Study suggests review of 'Catholic teachers certificate'
THE `Catholic teachers certificate' is "without educational merit or practical justification", according to a study.
Academics have suggested there may be value in reviewing the Certificate in Religious Education.
The qualification is necessary if a teacher wants to work in a Catholic primary school.
Staff who undertook the course have questioned its requirement.
Their comments are featured in a paper published by the Transforming Education project at Ulster University (UU).
It has been developing briefing papers focussing on policies relevant to integration and separate schooling.
The latest study examined the certificate and its role in sectoral patterns of teacher employment.
It has been identified as limiting opportunities for teachers to access employment outside of schools associated with their own educational background and community identity.
Any teacher, of any faith, can achieve the certificate. Protestant trainees can, and do, take it although not in large numbers.
UU's research raised questions about it as an effective and appropriate occupational requirement.
It found that "cross-over teachers cast doubt on the capacity of the certificate, as it currently exists, to adequately prepare a non-Catholic teacher for supporting their pupils to follow Catholic religious practices and rituals".
"Protestant teachers who were employed in maintained primary schools were interviewed in depth. None of them was convinced of the practical merit of the certificate. A view was expressed that, as long as a qualified, capable teacher was in possession of adequate curriculum material then they could deliver any class - irrespective of their personal faith," the study said.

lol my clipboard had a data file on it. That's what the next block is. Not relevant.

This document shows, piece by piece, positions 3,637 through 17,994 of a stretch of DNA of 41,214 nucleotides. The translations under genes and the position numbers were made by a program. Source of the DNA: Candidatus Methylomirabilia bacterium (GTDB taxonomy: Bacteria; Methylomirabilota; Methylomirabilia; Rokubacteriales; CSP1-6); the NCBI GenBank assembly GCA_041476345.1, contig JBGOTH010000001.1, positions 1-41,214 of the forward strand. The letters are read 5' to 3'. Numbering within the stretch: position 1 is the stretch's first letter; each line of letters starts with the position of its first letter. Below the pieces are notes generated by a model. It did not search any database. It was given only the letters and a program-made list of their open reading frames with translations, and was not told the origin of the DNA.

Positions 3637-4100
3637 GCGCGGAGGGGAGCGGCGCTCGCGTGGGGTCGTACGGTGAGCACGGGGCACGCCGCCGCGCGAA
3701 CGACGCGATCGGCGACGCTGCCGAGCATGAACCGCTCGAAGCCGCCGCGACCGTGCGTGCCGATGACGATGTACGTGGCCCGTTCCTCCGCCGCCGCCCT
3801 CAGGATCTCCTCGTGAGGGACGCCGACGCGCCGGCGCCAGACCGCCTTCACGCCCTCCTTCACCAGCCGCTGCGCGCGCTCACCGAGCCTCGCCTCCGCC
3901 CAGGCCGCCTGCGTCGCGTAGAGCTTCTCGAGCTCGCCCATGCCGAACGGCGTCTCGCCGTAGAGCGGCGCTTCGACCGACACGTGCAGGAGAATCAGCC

One teacher said: "You don't have to be Catholic to teach in a Catholic school...I'll get handed the curriculum book and I'll read it - because I'm not staunchly any religion I don't find offence - I don't find a problem with it."
Another Protestant teacher, the report added, "saw the certificate as being a barrier without educational merit or practical justification".
"She did not have the certificate and, as a result, had been unable to apply for a permanent post in a maintained primary even though she had occupied a longer-term temporary post in that same school," it found.
"The requirement for teachers seeking employment in Catholic primary schools to have completed the certificate only applies to those who apply for permanent posts.
"(The principal's) words were `if we were to have you as a sub or for maternity cover it wouldn't matter but if you were applying for a permanent job you would need it'."
Another teacher suggested that the certificate requirement may be concealing an ulterior motive.
"When you are in a Catholic school and you are advertising for a teacher you have to put that thing in about the Catholic certificate so it's highly unlikely you will get any non-Catholics applying for the job," they said.
Integrated Education Fund Chief Executive Tina Merron said this research added to a growing body of evidence to support arguments for a fundamental reform of the education system.
"The requirement for the Catholic RE certificate for teachers in maintained primaries and nurseries, alongside the fair employment exception for teaching posts, reflects and underlines the divided nature of schools provision.
"We look forward to the establishment of the independent review of education, pledged in the New Decade, New Approach agreement, which we hope will identify all the elements which should be addressed on the way to building a new, unified education system."